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The Cambridge Handbook of Cognition and Education - edited by John Dunlosky February 2019
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In The Cambridge Handbook of Cognition and Education - edited by John Dunlosky February 2019
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The Cambridge Handbook of Cognition and Education - edited by John Dunlosky February 2019
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The Cambridge Handbook of Cognition and Education - edited by John Dunlosky February 2019
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The Cambridge Handbook of Cognition and Education - edited by John Dunlosky February 2019
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This study investigated the efficacy of the Fluency Development Lesson (FDL) in improving reading achievement in primary grade struggling readers. 30 readers, enrolled in a summer reading clinic, participated in daily 40-min mini-reading lessons across 5 weeks. During the fluency lessons, readers practiced and developed their literacy skills throug...
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Over the past decades, memory training interventions have been developed in an attempt to stabilize or enhance memory functioning in aging. Only recently has attention been paid to individual differences in training gains and consequently to predictors of such gains. The aim of the present study was to identify which specific cognitive mechanisms/p...
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Older adults produce more high-confidence recognition memory errors in episodic memory tasks. We studied how distinctive encoding enhances the retrieval-monitoring accuracy in older adults (OA) and younger adults (YA). Individuals viewed words consisting of four randomly selected exemplars (e.g., SALMON, BASS, PERCH, SHARK) from a taxonomic categor...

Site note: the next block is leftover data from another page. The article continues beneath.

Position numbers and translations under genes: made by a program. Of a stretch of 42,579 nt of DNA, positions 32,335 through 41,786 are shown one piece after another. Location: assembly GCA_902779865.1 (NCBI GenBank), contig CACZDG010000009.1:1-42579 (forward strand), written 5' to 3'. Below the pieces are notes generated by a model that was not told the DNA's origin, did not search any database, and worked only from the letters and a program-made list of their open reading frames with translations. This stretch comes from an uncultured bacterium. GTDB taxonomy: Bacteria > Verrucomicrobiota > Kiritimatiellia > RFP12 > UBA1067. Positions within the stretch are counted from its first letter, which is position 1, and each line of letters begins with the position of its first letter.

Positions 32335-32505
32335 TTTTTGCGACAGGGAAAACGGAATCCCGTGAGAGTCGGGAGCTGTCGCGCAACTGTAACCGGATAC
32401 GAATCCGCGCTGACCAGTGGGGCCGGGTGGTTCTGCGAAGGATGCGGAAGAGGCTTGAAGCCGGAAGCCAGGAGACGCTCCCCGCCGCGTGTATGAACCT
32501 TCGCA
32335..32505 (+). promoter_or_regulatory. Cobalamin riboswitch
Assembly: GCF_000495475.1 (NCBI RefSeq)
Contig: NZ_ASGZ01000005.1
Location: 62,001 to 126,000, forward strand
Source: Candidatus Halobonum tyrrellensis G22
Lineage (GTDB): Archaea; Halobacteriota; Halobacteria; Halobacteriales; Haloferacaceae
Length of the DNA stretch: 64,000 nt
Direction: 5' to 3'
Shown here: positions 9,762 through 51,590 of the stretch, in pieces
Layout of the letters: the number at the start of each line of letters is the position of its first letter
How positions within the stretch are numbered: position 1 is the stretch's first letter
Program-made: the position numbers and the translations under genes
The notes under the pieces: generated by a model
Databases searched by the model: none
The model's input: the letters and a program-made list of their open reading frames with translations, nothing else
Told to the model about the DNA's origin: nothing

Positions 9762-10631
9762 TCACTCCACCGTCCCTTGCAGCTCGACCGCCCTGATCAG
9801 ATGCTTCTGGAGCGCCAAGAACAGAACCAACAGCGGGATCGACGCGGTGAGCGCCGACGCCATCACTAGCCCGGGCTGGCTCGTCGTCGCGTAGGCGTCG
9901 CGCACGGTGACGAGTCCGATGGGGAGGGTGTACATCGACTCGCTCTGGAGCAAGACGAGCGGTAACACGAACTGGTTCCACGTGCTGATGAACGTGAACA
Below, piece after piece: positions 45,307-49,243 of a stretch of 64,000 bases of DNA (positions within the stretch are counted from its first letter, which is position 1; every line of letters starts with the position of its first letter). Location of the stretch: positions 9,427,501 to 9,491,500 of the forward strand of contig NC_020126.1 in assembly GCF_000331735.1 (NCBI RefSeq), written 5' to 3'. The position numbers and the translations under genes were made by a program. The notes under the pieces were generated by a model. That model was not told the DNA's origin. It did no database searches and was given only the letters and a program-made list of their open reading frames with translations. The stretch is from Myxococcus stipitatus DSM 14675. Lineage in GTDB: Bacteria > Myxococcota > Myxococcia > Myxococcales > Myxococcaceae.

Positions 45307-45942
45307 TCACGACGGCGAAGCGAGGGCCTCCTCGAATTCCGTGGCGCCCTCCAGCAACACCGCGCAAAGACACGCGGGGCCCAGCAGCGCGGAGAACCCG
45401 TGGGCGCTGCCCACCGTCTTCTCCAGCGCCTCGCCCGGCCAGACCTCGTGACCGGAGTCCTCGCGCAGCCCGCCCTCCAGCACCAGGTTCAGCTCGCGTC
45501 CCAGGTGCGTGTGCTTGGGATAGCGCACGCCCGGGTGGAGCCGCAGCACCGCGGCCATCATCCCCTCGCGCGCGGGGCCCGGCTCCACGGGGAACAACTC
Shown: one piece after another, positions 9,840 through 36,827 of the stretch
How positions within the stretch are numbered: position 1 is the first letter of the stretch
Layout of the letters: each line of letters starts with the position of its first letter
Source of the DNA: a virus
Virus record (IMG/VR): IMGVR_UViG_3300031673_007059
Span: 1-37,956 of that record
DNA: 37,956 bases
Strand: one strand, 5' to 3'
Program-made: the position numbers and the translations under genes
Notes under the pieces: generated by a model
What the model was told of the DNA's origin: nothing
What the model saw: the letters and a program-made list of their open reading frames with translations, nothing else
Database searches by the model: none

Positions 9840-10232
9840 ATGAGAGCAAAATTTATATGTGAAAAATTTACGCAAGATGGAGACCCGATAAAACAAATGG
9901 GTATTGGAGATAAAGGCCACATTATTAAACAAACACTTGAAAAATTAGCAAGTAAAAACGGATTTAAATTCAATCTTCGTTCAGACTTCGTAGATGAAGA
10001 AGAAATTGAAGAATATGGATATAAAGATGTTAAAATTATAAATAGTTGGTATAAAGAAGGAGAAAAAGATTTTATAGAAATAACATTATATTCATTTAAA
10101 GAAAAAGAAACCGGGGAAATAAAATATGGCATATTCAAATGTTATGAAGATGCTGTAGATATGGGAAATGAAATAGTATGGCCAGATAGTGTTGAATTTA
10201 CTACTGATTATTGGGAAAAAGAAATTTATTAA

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We investigated students' knowledge and beliefs about the impact of using three‐dimensional (3D) multimedia presentations. Students listened to a lecture about the ventricular system, which was presented alone (Experiment 1 only) or with a 3D or a 2D video illustrating the system. Afterwards, students judged how well they would perform on a criteri...
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The amount of information that medical students learn is voluminous and those who do not use evidence‐based learning strategies may struggle. Research from cognitive and educational psychology provides a blueprint on how best to learn science subjects, including clinical anatomy. Students should aim for high‐cognitive learning levels as defined in...
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A common measure of memory monitoring——judgments of learning (JOLs)——has recently been shown to have reactive effects on learning. When participants study a list of related and unrelated word pairs, they recall more related than unrelated pairs. This relatedness effect is larger when people make JOLs than when they do not make them. Evidence is mix...
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Testing is a potent learning tool, but how do students use testing across multiple study sessions? In two studies, we investigated students’ use of testing to learn course materials for a high-stakes exam across four sessions. Of primary interest was (a) whether students used self-testing similarly across sessions and (b) whether students used self...
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Research on techniques for enhancing long-term retention has focused almost exclusively on single-session learning conditions. However, even the most potent initial learning manipulations typically do not yield retention levels sufficient for successful performance in many real-world contexts. In contrast, successive relearning (i.e., practicing to...
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The main goal of the current experiments was to examine the influence of monitoring and reward on elementary school children’s study decisions. First and third graders studied names for 10 animals (e.g., “The elephant’s name is Suzy”) and then were given a cued recall test on which they were shown the animal and needed to recall the name. Next, the...